a summing circuit configured to add the first and second currents.
15. A method for bandpass amplification comprising:
converting a voltage signal to a first current;
converting the voltage signal to a second current, the second current having substantially a same amplitude as the first current, but opposite polarity, over a first stopband and a second stopband, the second current having a substantially smaller amplitude than the first current within a passband;
tuning the passband and the first and second stopbands; and
adding the first current and the second current to generate an output current.
16. The method of
degenerating the transconductance of a subtrahend transconductance amplifier having a subtrahend transconductance amplifier source current.
17. The method
degenerating the transconductance of a minuend transconductance amplifier having a minuend transconductance amplifier source current.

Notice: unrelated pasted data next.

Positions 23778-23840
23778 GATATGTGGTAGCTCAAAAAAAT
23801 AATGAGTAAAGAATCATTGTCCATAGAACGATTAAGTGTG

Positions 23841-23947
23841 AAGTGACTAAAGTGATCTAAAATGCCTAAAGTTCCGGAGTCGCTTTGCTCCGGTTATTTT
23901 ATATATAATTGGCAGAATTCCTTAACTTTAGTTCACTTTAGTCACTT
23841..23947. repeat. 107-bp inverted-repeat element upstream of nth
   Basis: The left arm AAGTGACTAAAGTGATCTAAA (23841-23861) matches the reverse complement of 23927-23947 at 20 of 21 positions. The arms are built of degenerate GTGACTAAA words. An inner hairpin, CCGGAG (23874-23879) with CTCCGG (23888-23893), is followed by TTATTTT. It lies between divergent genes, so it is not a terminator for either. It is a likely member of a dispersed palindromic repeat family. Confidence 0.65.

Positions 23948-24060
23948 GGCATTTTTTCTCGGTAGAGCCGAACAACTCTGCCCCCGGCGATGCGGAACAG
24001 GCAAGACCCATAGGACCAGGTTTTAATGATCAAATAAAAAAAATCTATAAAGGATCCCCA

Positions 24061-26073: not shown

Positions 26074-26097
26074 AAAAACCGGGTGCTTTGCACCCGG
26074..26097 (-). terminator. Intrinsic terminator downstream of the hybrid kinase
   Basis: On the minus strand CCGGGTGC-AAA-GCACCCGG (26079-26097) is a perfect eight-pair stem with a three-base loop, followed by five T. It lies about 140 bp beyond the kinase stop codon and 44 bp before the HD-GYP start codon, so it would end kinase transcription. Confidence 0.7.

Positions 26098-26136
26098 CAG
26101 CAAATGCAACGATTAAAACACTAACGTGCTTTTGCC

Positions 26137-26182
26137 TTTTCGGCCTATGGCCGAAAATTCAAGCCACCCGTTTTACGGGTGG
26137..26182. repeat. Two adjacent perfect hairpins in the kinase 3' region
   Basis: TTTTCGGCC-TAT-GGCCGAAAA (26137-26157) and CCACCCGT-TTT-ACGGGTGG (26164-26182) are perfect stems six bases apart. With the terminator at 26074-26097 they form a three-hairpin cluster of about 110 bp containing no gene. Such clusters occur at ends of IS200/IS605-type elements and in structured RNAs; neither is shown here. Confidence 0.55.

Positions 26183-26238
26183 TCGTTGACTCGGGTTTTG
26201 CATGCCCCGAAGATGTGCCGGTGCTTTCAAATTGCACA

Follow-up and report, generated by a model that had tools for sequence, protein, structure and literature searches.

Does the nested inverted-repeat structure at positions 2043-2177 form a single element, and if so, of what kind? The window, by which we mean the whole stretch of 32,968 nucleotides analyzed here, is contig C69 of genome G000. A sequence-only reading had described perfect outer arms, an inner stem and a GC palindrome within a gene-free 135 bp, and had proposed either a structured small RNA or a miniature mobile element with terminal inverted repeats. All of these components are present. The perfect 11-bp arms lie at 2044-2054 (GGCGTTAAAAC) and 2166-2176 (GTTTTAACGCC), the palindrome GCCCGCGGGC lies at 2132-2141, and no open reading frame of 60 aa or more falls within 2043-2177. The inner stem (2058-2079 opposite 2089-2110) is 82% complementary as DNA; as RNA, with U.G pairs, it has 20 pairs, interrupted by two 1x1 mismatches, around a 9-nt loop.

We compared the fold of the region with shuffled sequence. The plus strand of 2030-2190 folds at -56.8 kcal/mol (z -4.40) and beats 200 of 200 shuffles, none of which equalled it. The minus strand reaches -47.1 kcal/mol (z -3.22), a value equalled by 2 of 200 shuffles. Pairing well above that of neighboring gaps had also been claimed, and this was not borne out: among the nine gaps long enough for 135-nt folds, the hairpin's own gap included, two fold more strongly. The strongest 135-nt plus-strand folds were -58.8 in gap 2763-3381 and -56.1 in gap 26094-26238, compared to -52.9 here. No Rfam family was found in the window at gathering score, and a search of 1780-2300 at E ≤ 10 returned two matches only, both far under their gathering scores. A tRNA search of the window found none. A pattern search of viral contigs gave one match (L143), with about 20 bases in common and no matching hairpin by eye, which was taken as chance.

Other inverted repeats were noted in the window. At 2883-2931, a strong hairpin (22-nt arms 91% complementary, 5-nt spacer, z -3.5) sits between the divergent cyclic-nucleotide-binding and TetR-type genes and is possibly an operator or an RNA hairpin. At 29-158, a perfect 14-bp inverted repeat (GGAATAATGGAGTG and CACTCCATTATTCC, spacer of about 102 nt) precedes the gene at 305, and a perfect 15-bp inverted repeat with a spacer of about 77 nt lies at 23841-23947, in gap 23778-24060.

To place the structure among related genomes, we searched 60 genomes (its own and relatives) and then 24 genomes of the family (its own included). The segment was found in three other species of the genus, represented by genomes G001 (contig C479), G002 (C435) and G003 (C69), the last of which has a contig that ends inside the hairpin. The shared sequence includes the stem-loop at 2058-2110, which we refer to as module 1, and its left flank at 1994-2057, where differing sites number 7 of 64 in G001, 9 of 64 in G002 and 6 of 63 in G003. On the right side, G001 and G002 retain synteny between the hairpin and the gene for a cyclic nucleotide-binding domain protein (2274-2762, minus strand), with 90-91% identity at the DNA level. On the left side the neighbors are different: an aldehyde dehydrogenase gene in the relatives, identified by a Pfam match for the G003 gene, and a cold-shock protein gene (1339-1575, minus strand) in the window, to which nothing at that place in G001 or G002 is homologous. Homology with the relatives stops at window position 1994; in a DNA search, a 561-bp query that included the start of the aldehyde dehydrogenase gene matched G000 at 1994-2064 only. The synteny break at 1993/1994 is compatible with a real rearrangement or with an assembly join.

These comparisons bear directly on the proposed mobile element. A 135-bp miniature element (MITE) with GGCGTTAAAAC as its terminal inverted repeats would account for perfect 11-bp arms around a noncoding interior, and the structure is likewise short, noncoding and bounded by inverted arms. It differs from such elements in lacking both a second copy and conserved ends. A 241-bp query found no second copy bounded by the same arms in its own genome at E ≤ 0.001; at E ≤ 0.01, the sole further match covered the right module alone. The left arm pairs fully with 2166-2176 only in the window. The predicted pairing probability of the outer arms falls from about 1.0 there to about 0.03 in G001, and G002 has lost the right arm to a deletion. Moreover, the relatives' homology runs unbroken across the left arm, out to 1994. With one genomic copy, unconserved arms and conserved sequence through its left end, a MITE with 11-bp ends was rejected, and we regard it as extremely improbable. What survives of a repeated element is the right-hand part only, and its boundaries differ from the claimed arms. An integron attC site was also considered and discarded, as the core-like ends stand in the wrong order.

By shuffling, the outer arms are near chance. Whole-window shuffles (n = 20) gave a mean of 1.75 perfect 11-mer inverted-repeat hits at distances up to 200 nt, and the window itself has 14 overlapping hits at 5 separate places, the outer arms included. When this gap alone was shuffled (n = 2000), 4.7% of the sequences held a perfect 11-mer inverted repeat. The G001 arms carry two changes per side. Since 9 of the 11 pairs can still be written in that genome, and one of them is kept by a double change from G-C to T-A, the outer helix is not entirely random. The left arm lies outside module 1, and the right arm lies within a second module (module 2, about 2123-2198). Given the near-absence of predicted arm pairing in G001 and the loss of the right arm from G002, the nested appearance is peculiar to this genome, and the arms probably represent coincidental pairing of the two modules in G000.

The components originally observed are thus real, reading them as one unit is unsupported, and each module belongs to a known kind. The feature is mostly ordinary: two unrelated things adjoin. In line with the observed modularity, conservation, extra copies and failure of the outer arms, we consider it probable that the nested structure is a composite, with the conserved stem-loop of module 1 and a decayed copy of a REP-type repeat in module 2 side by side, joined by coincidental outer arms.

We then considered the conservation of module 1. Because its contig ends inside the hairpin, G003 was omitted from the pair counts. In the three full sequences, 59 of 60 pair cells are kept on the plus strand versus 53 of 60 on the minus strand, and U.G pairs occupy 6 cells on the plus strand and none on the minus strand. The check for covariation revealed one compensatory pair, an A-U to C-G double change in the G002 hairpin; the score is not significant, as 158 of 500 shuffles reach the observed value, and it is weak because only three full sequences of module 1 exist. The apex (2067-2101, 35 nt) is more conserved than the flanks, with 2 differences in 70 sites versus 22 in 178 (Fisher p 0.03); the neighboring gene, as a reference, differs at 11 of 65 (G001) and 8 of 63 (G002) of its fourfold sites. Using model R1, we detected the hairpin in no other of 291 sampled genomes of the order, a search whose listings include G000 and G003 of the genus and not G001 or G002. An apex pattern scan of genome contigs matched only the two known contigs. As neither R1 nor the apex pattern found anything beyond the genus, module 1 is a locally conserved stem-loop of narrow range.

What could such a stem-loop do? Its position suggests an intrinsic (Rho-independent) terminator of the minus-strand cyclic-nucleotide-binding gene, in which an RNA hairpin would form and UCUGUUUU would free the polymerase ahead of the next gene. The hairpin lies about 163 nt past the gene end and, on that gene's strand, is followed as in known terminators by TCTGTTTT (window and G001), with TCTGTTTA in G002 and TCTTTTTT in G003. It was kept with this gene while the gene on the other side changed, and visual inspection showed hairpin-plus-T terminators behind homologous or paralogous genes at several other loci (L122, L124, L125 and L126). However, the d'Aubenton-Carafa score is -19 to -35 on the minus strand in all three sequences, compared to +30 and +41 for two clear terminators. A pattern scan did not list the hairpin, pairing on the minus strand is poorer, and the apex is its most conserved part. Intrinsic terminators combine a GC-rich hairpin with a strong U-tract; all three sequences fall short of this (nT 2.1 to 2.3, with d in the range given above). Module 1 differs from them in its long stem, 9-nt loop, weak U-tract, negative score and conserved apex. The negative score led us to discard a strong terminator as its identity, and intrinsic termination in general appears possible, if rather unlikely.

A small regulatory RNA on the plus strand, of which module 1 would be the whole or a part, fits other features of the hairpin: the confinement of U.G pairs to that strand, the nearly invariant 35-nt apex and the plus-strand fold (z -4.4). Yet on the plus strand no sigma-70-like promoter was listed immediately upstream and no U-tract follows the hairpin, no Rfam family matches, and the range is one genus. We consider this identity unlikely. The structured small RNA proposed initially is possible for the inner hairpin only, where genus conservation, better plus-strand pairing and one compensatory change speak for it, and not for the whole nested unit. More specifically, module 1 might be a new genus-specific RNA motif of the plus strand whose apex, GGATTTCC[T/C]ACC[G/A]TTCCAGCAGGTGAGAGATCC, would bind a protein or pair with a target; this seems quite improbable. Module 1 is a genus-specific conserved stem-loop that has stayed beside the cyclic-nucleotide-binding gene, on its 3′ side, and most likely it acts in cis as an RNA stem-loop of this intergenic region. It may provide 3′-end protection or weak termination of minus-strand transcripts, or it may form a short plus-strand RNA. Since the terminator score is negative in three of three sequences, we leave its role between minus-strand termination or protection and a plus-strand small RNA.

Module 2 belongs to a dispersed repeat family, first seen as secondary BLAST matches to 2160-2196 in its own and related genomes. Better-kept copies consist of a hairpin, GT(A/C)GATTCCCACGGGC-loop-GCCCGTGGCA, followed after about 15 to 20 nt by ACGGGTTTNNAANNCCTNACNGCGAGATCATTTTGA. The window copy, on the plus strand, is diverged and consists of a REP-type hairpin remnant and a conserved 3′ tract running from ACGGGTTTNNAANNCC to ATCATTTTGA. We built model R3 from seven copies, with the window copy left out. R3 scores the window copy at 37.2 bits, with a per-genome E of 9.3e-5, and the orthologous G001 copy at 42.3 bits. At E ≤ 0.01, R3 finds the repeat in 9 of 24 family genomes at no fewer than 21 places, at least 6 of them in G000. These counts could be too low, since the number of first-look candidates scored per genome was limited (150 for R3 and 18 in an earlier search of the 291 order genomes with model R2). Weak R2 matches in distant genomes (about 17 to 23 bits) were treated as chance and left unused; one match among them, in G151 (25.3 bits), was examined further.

18. The method
19. The method of
20. The method of
upconverting a baseband impedance to a tuned passband impedance based on a clock signal, the tuned passband impedance having substantially a same spectral shape as the baseband impedance; and
cross-coupling a portion of a minuend transconductance amplifier source current and a subtrahend transconductance amplifier source current through the tuned passband impedance to generate the negative feedback.
21. The method of
22. The method of
23. The method
24. The method of
25. A method of bandpass amplification comprising:
converting a voltage signal to a first current;
converting the voltage signal to a second current using a tunable subtrahend transconductance amplifier, the second current having substantially a same amplitude as the first current, but opposite polarity, over a first stopband and a second stopband, and the second current having a substantially smaller amplitude than the first current within a passband;
tuning the passband and the stopbands by tuning a tunable subtrahend transconductance amplifier based on a clock signal; and
adding the first and second currents to generate an output current.